Three years after N.W.A manager Jerry Heller sued the producers of the Straight Outta Compton biopic for $110 million – and over two years after Heller died at the age of 75 – a judge has dismissed the copyright infringement suit.
Heller initially sued N.W.A members and biopic producers Dr. Dre and Ice Cube, as well as Universal and the Eazy-E estate, in October 2015 alleging that Straight Outta Compton used his name and likeness without permission and that he, as portrayed by Paul Giamatti in the film, was painted as a “bad guy” and “a sleazy manager who took advantage” of the gangsta rap group.
Heller also claimed that some elements of the plot – including a scene where Eazy-E is forced by Suge Knight to turn over his Death Row rights – were taken from his own Ruthless: A Memoir without permission.
“I’ve been in the business for six decades. I’ve probably represented almost every major artist in the world, either directly or peripherally, at one time or another. I have a certain reputation, and that reputation certainly doesn’t entail the things that they said about me. It was very hurtful,” Heller told Rolling Stone of the lawsuit. “I thought ‘No Vaseline‘ was hurtful. But actually, this was more hurtful. Look, I am what I am, but I’m not a thief. And I’m not scandalous. I did more for N.W.A … I mean, it was just incredible, the success that we had. So for them to call me a thief is just terrible. And I’m just not going to allow that.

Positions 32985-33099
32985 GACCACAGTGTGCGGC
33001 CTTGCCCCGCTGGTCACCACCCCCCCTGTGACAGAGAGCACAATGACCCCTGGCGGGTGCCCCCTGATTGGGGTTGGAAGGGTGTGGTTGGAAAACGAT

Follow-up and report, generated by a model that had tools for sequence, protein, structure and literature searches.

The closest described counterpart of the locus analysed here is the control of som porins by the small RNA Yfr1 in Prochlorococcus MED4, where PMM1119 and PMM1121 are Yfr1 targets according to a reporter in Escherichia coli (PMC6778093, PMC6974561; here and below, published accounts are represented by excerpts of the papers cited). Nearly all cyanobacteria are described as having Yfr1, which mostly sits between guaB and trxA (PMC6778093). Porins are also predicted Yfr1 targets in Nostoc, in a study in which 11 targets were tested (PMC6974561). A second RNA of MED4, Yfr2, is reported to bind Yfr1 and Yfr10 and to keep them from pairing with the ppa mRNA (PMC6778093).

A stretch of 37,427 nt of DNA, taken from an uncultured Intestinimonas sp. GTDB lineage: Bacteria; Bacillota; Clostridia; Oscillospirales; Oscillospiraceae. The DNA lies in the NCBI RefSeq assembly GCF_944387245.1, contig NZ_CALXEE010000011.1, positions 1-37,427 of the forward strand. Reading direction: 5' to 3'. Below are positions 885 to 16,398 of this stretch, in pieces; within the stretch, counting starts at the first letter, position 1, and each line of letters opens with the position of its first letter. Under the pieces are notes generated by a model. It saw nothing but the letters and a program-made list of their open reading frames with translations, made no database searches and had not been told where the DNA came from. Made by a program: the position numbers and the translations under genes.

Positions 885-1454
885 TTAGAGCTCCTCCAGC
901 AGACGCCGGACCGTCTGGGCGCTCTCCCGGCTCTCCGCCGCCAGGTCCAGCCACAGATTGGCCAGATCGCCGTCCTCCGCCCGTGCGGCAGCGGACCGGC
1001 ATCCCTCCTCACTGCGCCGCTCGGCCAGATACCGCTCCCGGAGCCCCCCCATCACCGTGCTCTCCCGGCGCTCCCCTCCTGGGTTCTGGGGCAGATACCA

Following Heller’s death in September 2016 after suffering a medical emergency that resulted in a car accident, his estate continued on with the lawsuit. However, a California district judge ruled Friday that Heller’s estate failed to support the late manager’s claims, the Hollywood Reporter writes.
“Plaintiff fails to allege sufficient facts to establish that Heller is a co-author of the Screenplay and the allegations establish that Universal was licensed to use the Screenplay,” Judge Michael Fitzgerald wrote in his decision. “As the parties previously agreed, the Motion is granted without leave to amend. The action is, at last, DISMISSED.”
At the time of Heller’s $110 million lawsuit, Straight Outta Compton was the highest-grossing music biopic of all time; that record has since been surpassed by the Queen film Bohemian Rhapsody.